I was always impressed by the British tradition that has been able to produce numerous world-class track and field athletes who also have above-average to good humanistic educations. You can go back to the Chariots of Fire guys in the 20s, to Bannister and the other outstanding Oxbridge distance runners of the 50s, Coe and Ovett in the 80s. There are numerous others I haven't mentioned. The last great athlete to emerge from this general line was the triple jumper Jonathan Edwards, who won the gold medal in 2000 and still holds the world record. He had studied physics at Durham University and his father was a vicar of the Church of England, an unusual background for an athletic champion, at least in this country. Among the other people I have mentioned, Harold Abrahams became a lawyer, Roger Bannister a doctor, Coe had studied economics and became a member of parliament. Though many American athletes have impressive academic credentials and go on to become things like Orthopaedic surgeons, they seem to have more of the super high energy, pure achievement-oriented approach to their learning than an intellectual, tradition and language-based one that appeals to me. I know these are great people who get things done and make our country what it is (better, better, better), but I find them rather boring.

Here is a brief film about Ethel Catherwood. There is a very brief clip of her smiling, or shaking her head, where you can really see what a babe she was.

If you have a glancing interest in or fascination with the bleak world of the 1960s-70s Soviet Union you might want to peak at this Russian documentary about Lyudmila Tourischeva.

One of the greatest races of all-time, at least that was won by an American. 1964 10,000 meters.

Since I can't get any sitecounter/monitor devices to work I can only count the visitors to my personal info page to get any idea if anyone has been around. 4 people visited the profile page this weekend, which is a big weekend for this site. I have no doubt that this readership constitutes a very desirable demographic too. Cosmopolitan. Attractive. Tech-savvy. Well above average but not socially stifling median IQ. Important.

Wednesday, August 06, 2008

The Stones of Venice--Part VII

Still discussing St Mark's Basilica: "From the vine-leaves of that archivolt, though there is no direct imitation of nature in them, but, on the contrary, a studious subjection to architectural purpose more particularly to be noticed hereafter, we may yet receive the same kind of pleasure which we have in seeing true vine-leaves and wreathed branches traced upon golden light; its stars upon their azure ground ought to make us remember, as its builder remembered, the stars that ascend and fall in the great arch of the sky; and I believe that stars, and boughs, and leaves, and bright colours are everlastingly lovely, and to be by all men beloved...I believe the man who designed and the man who delighted in that archivolt to have been wise, happy, and holy."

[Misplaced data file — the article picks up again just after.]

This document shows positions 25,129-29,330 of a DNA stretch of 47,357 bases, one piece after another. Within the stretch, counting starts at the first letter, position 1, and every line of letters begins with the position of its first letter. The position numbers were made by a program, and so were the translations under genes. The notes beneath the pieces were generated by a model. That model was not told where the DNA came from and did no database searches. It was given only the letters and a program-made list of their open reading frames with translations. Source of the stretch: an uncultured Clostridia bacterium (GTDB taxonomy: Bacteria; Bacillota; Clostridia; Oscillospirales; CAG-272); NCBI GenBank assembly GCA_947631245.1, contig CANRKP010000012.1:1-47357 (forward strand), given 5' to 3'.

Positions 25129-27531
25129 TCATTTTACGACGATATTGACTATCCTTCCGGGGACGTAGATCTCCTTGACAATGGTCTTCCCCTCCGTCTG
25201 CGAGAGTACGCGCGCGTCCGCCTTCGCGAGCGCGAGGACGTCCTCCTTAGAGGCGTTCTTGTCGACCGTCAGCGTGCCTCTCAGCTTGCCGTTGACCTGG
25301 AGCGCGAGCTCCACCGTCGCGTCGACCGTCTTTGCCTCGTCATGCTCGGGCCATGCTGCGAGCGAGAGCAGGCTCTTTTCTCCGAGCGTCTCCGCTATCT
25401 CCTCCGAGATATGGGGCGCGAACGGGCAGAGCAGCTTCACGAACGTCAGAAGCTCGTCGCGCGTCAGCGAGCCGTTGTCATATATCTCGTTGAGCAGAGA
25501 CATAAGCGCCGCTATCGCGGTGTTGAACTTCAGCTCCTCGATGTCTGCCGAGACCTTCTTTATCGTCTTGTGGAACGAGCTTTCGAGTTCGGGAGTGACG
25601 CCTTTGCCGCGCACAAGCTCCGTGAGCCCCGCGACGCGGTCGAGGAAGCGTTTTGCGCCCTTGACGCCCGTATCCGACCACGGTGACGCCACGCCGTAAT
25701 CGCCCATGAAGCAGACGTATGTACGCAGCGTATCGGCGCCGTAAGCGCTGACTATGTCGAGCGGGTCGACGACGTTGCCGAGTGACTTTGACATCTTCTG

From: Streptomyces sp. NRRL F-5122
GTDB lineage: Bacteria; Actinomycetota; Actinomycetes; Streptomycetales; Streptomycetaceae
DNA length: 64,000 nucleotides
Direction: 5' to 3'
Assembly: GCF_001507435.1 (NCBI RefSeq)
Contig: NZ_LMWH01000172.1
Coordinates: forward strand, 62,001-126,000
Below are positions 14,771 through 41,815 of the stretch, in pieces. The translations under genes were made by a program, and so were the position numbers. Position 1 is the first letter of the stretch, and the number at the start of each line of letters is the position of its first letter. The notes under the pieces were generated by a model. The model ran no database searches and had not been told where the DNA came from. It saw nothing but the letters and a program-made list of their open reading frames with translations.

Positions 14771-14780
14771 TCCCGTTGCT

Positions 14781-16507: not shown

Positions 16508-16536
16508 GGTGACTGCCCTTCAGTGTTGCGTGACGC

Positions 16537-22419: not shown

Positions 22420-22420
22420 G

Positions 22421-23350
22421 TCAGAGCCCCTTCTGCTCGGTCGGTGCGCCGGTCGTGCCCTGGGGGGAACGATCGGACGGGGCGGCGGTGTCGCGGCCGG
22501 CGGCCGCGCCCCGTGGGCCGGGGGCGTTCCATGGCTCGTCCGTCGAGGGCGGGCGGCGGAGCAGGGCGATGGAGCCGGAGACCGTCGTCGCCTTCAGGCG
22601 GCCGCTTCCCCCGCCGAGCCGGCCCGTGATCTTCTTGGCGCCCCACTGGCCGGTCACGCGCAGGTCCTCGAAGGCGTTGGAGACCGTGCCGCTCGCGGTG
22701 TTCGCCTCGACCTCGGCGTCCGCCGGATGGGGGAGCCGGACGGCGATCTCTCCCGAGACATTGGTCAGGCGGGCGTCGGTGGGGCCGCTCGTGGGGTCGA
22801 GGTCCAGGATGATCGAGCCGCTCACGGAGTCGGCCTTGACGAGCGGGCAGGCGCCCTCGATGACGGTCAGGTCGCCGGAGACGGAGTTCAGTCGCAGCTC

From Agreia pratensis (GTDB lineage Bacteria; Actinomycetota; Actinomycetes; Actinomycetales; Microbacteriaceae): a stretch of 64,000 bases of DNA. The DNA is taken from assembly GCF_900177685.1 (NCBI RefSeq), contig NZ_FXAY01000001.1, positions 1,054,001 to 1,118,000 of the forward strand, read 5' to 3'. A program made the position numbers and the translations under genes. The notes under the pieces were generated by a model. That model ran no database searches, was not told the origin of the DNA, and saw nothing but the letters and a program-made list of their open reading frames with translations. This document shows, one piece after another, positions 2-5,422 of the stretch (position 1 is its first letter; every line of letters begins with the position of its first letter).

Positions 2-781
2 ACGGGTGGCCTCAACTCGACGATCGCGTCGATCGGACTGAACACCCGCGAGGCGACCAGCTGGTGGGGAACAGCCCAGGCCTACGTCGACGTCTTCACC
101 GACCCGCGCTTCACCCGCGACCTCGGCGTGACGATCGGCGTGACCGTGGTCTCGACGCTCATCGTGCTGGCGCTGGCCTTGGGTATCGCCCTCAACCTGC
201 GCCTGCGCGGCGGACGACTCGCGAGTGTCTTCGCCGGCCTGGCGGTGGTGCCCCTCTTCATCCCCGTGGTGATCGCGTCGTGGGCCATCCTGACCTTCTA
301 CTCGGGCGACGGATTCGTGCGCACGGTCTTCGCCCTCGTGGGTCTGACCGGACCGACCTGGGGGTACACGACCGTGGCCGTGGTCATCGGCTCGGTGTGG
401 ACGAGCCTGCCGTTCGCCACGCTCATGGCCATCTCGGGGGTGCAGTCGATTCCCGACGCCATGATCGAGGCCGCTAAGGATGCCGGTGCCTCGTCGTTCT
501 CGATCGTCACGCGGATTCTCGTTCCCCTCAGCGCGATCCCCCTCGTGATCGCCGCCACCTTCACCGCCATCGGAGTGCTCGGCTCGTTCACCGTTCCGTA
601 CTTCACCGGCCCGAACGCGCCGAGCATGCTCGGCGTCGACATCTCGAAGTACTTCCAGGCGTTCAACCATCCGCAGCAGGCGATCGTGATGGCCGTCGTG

Whether this last is literally true as a general circumstance is not important. To see or to conceive of any aspect of human experience of life as possessing beauty, and by extension meaning, and to convey that conception to others through the peculiarly human arts--language, symbols, architecture, music, illustration, etc--is to have fulfilled the function of being human to the highest degree--and it is only in this that true wisdom, happiness and holiness lies, even if the wise man considers himself to be extremely wretched and stupid on account of more trivial matters.

Another central and intriguing idea of the book, which I have never seen dwelt on much elsewhere: "We attach, in modern days, a kind of sacredness to the pointed arch and the groined roof, because, while we look habitually out of square windows and live under flat ceilings, we meet with the more beautiful forms in the ruins of our abbeys. But when those abbeys were built, the pointed arch was used for every shop door, as well as for that of the cloister, and the feudal baron and freebooter feasted, as the monk sang, under vaulted roofs; not because the vaulting was thought especially appropriate to either the revel or psalm, but because it was then the form in which a strong roof was easiest built." Assuming this is true, and it does smack heavily of conjecture, it suggests many other questions, the most obvious of course being the eternal question of whether technology as we understand it, and certainly as we apply it, is crippling our ability to develop our humanity to this degree to which Ruskin refers. This question is almost always dealt with with us from the general material point of view, which no one in modern Western Civilization can really see around enough to divorce from anything else. Namely, we don't want to give up our comforts, our health system (which occupies the energies of what, 20% of the population now, and growing?) our ease, and even if we sense something of the sort to be the case in a vague way it is difficult to advance the argument publicly that these might be in any general way antithetic to realizing a more exalted state of humanity. That sort of intimacy with the sense of man's proper place in the universe (probably rather grim materially) and leading one's life somewhat in harmony with that which Ruskin appears to be championing, if it ever existed was based, I would imagine, on a fairly compact and readily interconnected unity of knowledge within both individuals and communities--the better one's mind, the further one could range, but he could not become untethered from the core unity from which all his understanding, and that of his fellows, emanated. This is something of the liberal arts ideal of course; it is not against the expansion of knowledge, but it emphasizes the importance of the unities being in place on which to graft that knowledge.